For him, the gallery’s symbolic ‘white walls’ needed to be fought, resisted and shown for what they were. In 1971, he locked himself in the confines of the MTL gallery in Brussels for five days and nights. His solitary act and refusal to allow the gallery space its role in visual presentation was the ‘exhibition’, with only a published version of the texts he wrote during his stay in the gallery as material trace.

Martin Maloney’s contribution to David Lamelas’ Publication, Nigel Greenwood Gallery, London, 1970.

For his exhibition at the Lisson Gallery in London that same year, he painted the walls black and wrote lines of conversation and provocation on them during the gallery’s opening hours to incite the visitors who came to communicate with him. Little, if anything, is left of these meetings of the conceptual, the textual and the architectural, and one has the sense that this is somehow as Maloney wanted it.

Maloney was active as a conceptual artist in the ‘60s close to the likes of Lawrence Weiner, Carl Andre, Joseph Kosuth and Dan Graham. He made his material pile sculptures and conceptual projects alongside a vast body of intricately shaped canvases, highly structured language pieces, box sculptures, and painted statements on canvas.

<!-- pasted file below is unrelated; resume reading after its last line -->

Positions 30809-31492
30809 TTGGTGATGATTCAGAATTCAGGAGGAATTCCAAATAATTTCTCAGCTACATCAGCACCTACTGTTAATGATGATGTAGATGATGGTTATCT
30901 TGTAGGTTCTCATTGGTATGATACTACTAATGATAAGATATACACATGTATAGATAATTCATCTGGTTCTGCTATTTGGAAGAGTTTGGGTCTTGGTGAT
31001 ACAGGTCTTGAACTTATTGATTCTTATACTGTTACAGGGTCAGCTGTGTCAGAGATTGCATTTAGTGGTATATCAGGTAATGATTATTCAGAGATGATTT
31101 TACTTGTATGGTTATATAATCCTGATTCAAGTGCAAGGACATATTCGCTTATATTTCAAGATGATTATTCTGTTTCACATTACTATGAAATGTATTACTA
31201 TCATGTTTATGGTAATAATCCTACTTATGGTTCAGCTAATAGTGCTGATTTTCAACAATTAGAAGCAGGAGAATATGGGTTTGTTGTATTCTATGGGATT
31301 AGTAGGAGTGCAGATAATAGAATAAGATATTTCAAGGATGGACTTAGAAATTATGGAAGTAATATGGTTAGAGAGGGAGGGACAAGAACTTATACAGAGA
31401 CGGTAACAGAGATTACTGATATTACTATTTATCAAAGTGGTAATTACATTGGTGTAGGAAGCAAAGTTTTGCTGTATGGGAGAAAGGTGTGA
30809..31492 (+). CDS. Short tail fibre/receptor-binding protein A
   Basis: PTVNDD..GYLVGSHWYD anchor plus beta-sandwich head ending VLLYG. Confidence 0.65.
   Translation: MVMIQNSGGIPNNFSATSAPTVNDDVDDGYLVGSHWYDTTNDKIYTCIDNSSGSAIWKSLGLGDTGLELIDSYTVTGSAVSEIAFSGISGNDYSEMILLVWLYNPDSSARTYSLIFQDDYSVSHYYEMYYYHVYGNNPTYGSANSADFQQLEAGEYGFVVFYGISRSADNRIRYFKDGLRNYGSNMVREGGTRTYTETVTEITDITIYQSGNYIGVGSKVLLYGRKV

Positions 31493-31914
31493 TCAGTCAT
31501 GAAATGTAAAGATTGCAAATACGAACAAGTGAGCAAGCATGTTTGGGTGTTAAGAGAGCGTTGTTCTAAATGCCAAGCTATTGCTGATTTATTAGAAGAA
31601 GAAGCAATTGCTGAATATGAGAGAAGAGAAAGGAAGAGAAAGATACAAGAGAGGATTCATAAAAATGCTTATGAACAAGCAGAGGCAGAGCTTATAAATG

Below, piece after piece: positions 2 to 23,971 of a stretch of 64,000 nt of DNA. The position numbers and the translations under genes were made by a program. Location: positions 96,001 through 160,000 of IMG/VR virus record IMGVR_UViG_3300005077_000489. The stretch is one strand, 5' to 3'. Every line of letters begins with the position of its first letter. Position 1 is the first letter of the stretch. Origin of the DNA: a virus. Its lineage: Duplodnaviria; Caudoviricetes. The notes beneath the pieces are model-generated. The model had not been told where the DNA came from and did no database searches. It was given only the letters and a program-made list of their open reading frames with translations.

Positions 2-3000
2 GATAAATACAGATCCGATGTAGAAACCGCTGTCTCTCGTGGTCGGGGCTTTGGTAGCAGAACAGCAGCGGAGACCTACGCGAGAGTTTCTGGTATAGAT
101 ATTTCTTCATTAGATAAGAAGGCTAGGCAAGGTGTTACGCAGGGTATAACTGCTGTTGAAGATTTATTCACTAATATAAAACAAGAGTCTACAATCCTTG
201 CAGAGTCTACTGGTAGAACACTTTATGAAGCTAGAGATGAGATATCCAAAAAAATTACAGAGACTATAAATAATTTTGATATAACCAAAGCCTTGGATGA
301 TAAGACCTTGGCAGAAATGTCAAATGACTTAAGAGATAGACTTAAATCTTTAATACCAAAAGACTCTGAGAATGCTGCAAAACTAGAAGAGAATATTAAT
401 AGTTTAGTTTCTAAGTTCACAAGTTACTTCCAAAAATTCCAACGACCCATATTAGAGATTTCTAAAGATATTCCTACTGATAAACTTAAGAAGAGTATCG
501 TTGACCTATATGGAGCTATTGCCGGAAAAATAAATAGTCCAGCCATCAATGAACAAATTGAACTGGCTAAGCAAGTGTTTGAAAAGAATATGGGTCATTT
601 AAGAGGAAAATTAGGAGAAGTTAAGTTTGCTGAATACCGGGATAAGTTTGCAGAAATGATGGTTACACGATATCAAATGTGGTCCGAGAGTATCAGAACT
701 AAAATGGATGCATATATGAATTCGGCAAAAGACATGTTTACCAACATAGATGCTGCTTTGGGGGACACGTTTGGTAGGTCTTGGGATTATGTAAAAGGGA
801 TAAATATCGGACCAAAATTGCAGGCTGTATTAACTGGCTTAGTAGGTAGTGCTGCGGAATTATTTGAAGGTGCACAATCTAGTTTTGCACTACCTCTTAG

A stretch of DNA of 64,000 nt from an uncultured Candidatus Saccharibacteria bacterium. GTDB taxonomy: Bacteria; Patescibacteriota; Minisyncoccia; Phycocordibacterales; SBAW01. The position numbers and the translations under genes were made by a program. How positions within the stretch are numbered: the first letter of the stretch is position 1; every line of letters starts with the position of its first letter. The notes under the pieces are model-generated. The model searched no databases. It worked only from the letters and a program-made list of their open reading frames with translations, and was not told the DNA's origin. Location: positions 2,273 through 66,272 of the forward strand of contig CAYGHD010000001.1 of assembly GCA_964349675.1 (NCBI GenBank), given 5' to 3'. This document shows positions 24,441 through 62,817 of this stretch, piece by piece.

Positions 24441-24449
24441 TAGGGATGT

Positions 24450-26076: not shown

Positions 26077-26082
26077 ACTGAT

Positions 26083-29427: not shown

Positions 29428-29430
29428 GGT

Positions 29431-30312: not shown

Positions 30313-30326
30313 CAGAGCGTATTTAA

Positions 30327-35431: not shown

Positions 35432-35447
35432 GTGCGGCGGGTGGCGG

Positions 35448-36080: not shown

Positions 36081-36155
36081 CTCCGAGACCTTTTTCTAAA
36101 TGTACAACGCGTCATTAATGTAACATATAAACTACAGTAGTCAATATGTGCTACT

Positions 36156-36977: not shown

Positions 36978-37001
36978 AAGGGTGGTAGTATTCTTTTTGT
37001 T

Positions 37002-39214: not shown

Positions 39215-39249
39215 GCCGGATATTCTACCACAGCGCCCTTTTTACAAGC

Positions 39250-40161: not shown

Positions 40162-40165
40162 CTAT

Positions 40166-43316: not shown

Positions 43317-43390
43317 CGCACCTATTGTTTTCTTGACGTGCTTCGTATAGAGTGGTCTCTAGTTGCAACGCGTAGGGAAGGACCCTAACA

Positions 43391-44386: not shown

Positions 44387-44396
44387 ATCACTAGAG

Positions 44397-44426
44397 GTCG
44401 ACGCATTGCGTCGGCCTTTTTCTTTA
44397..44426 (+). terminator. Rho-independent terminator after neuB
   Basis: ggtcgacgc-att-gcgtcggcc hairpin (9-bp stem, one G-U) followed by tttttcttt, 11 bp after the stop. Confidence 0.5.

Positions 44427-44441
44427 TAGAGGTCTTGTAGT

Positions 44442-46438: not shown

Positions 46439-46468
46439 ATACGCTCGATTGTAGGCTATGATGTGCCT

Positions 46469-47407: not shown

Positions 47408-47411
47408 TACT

Poster “Here To Stay”
 

To see some of what remains of this work on exhibit is to feel a ricochet of influences, references, and dialogues (with Weiner and Andre, of course, but also Frank Stella, Robert Smithson, Gordon Matta-Clark, Arte Povera…). Over time, however, he managed to alienate himself from his fellow artists, galleries, collectors, curators and art history alike. With the exhibition’s end, the works on show will travel to museum spaces that share little of the precariousness that make a building in ruin a fitting context for the artist’s complex, volatile work.

The form of the works and their dialogue with space will necessarily change, and Maloney would probably never have accepted such an exhibition at all. As he knew too well, white walls are animals indeed

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Ger van Elk (1941-2014) and the Art & Project Bulletins

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Ger van Elk was one of the gallery artists from Art & Project and made 7 Bulletins for the gallery. ( all 7 are available at http://www.ftn-books.com)

over a period of 15 years he published within the series the following numbers Bulletin 19, 55, 65, 74, 100, 132 and 139

elk bulletin 19 b

Each different in its approach of the medium and all very much worth collecting. Her are some examples of the Bulletins.